We all sin. That is, we all commit moral crimes against our Maker, against our neighbors, and even against ourselves. And, we are all sinners. But do we sin because we are sinners, or are we sinners because we sin? Or is it both?
Yesterday I listened (as long as I could) to 3 guys claiming that the doctrine of original sin was manufactured by St. Augustine hundreds of years after the New Testament was complete. They knew their history well enough. Smart guys. But due to my annoyance with what I would describe as naive suppositions, I finally had to turn them off. Allow me to elaborate.
If by original sin we simply mean, "Who did it first?" Well, that question isn't difficult. Satan committed the first sin. It was pride. Pride led to lying. Lying led to rebellion.
It could be claimed that Eve was the first human to sin, but the Bible seems to lay the burden of the failure on Adam's back, rather than on Eve's back. Sure, both endured the curse. But the reason Adam was the one primarily blamed appears to be related to several factors.
The original command was issued to Adam and not to Eve, so it could be argued that Adam had the primary responsibility for the situation.
Eve was tricked. She was deceived. Apparently her guilt was relatively less of an offense than Adam's rebellion. In other words, Adam was not deceived.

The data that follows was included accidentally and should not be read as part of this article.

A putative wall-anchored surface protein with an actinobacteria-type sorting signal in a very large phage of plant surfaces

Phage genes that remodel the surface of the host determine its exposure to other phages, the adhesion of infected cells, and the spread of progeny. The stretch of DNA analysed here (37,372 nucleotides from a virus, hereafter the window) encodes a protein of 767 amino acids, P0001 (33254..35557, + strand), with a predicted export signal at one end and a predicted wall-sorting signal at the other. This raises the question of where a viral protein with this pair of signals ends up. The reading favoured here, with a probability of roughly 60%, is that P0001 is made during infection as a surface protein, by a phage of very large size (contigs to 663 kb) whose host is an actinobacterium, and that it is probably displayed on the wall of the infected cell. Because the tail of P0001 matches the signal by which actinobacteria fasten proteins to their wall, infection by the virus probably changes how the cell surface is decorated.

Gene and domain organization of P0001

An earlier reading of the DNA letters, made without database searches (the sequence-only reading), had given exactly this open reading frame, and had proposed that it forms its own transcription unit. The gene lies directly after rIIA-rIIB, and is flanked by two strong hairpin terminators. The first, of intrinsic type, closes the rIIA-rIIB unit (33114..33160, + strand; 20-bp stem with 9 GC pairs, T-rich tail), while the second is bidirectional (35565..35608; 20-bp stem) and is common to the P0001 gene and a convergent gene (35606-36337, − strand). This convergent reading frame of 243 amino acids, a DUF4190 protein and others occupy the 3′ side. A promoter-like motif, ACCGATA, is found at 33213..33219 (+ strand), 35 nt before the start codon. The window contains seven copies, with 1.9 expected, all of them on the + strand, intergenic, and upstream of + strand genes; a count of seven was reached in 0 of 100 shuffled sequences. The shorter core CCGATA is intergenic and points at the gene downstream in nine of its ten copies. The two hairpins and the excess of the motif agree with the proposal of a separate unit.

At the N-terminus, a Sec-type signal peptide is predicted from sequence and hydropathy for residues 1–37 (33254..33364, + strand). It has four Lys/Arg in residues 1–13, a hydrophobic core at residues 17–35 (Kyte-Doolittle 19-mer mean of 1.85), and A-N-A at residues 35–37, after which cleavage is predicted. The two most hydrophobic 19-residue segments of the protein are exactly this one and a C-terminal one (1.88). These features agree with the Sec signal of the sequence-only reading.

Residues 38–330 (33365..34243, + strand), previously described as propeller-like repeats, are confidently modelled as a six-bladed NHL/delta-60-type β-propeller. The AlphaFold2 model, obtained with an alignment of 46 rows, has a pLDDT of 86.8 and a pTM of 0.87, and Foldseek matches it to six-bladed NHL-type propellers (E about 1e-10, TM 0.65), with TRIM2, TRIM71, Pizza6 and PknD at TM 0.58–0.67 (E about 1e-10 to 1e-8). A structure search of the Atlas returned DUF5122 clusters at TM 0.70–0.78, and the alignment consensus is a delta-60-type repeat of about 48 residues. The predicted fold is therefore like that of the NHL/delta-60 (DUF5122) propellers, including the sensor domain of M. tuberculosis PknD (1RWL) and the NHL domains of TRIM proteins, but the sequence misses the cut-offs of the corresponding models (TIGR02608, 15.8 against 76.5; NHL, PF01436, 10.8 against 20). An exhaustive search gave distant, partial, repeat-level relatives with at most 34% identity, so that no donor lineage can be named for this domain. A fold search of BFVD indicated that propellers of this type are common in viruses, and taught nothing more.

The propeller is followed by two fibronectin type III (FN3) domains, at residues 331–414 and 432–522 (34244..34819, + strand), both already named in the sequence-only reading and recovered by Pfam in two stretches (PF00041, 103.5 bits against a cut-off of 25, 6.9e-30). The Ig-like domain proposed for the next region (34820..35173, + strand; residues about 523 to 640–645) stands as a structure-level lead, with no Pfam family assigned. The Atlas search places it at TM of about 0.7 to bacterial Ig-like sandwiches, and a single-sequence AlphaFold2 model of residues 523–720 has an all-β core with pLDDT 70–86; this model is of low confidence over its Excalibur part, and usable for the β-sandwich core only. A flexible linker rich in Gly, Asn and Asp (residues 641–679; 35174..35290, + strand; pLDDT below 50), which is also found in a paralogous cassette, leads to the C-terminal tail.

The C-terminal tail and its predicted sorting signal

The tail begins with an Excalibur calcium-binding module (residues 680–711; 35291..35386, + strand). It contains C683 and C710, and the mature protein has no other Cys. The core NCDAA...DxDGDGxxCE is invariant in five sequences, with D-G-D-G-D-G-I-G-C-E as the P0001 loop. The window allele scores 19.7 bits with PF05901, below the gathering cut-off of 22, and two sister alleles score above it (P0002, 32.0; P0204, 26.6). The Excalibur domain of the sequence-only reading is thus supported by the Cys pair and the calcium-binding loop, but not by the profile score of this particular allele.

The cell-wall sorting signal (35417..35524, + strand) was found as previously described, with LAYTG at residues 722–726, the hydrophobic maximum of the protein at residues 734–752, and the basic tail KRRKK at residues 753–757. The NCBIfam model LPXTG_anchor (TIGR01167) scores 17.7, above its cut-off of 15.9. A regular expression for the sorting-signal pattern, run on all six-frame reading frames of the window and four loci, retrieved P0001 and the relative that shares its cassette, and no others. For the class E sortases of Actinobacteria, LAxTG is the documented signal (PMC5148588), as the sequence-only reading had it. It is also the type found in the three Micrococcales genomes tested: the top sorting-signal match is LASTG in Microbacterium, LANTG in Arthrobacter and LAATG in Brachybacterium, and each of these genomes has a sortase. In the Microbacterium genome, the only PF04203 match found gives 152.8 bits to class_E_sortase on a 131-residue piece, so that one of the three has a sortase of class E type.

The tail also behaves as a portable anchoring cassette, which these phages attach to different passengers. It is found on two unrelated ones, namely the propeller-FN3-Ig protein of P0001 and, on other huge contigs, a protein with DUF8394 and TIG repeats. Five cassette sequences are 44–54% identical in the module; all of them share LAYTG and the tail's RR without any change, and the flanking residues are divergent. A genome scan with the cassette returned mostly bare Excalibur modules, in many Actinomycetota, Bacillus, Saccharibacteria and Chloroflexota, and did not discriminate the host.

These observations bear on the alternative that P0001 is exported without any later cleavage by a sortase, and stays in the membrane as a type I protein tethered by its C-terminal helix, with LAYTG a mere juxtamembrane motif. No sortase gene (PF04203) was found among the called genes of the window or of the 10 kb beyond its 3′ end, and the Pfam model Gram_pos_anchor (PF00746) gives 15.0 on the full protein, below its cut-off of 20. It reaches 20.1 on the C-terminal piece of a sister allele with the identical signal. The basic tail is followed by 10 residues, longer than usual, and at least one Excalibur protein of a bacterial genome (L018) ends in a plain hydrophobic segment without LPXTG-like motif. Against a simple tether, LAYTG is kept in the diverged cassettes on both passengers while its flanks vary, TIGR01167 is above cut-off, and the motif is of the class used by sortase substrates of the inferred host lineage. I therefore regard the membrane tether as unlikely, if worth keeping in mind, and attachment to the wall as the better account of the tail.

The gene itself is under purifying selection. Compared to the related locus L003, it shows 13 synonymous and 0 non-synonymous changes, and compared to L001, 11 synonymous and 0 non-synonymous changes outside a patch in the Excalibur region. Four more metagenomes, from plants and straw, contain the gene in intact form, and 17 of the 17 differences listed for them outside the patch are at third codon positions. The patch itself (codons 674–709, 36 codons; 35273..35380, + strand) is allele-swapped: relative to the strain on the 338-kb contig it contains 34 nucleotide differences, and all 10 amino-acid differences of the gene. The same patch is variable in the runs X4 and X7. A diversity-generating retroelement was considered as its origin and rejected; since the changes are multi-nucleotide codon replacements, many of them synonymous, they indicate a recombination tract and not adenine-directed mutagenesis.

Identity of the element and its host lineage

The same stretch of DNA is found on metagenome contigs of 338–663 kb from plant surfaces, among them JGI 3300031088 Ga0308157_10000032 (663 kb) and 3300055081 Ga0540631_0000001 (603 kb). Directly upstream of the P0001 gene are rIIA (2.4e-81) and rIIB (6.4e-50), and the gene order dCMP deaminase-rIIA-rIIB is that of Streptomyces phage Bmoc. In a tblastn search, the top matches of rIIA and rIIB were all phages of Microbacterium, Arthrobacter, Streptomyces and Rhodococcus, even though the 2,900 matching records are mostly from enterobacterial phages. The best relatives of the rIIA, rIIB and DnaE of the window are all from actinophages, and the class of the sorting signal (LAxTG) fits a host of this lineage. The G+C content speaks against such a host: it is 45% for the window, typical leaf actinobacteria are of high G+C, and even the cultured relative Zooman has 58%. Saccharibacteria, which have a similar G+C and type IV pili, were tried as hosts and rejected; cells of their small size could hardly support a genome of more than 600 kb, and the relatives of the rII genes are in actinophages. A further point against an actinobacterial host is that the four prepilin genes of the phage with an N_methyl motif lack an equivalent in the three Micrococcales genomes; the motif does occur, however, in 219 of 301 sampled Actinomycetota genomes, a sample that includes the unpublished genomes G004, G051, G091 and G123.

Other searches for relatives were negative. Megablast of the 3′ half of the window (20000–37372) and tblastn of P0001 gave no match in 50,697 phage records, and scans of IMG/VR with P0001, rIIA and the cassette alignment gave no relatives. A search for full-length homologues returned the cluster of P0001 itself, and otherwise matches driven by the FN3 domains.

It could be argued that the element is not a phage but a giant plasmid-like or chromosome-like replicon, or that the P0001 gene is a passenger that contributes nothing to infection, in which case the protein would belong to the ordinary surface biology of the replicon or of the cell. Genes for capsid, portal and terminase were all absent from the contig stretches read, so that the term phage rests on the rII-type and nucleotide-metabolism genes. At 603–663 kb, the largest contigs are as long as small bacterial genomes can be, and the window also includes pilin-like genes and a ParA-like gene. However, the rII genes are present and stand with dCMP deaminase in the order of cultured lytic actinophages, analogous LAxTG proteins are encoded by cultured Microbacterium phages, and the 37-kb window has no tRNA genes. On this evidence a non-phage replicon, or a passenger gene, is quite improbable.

Whatever weakness and moral frailty we are born with as humans apparently comes naturally from our father's side. The virgin birth was essential in order for Jesus to have a human nature and a divine nature, while possessing no sin nature.
So, the buck stops with Adam. We read in the Scriptures that in Adam all of us died. In the same way, all who are "in Christ" are made alive. He is the second and last Adam. Our corporate condition is linked to our spiritual head.
So, the original human rebel was Adam. He was guilty. No excuses.
He had been made in the image, likeness, and similitude of God. What did the fall do to that reflection. Did it mar the reflection? Did it destroy the reflection? Or, is the reflection still completely intact?
When Adam fathered Cain, Able, and Seth he had sons who resembled him. Whatever his traits, tendencies, and tenor was, he shared those characteristics with them, and by extension with us. No doubt this was a natural and biological condition, but admittedly it was also surely influenced by the nurture that Adam and Eve provided. So, practically speaking both nature and nurture play a part in human depravity.
But let's go back to the "original sin" concept. It is more than just the "first act" of transgressing God's law. Eating of the tree of knowledge (of good and evil) clearly put the whole of humanity on a path that includes an inbred predisposition to failure. Our nature is sinful. We tend to sin. All of us. There have been no exceptions. Jesus is the only innocent One and He had no human father. We see that there is good and evil, but we are incapable of achieving the perfection which inspires us. So the good blames and shames us, while the evil tempts and destroys us.
"Oh, but babies are innocent!" Are they though? Why do babies die then? They do, you know. Often. Oh I admit, relatively speaking, they are indeed innocent. Compared to you and me. But our innocence must be absolute in order for us to be acceptable to God -- hence justification but the blood of Christ; hence the imputation of His impeccable righteousness.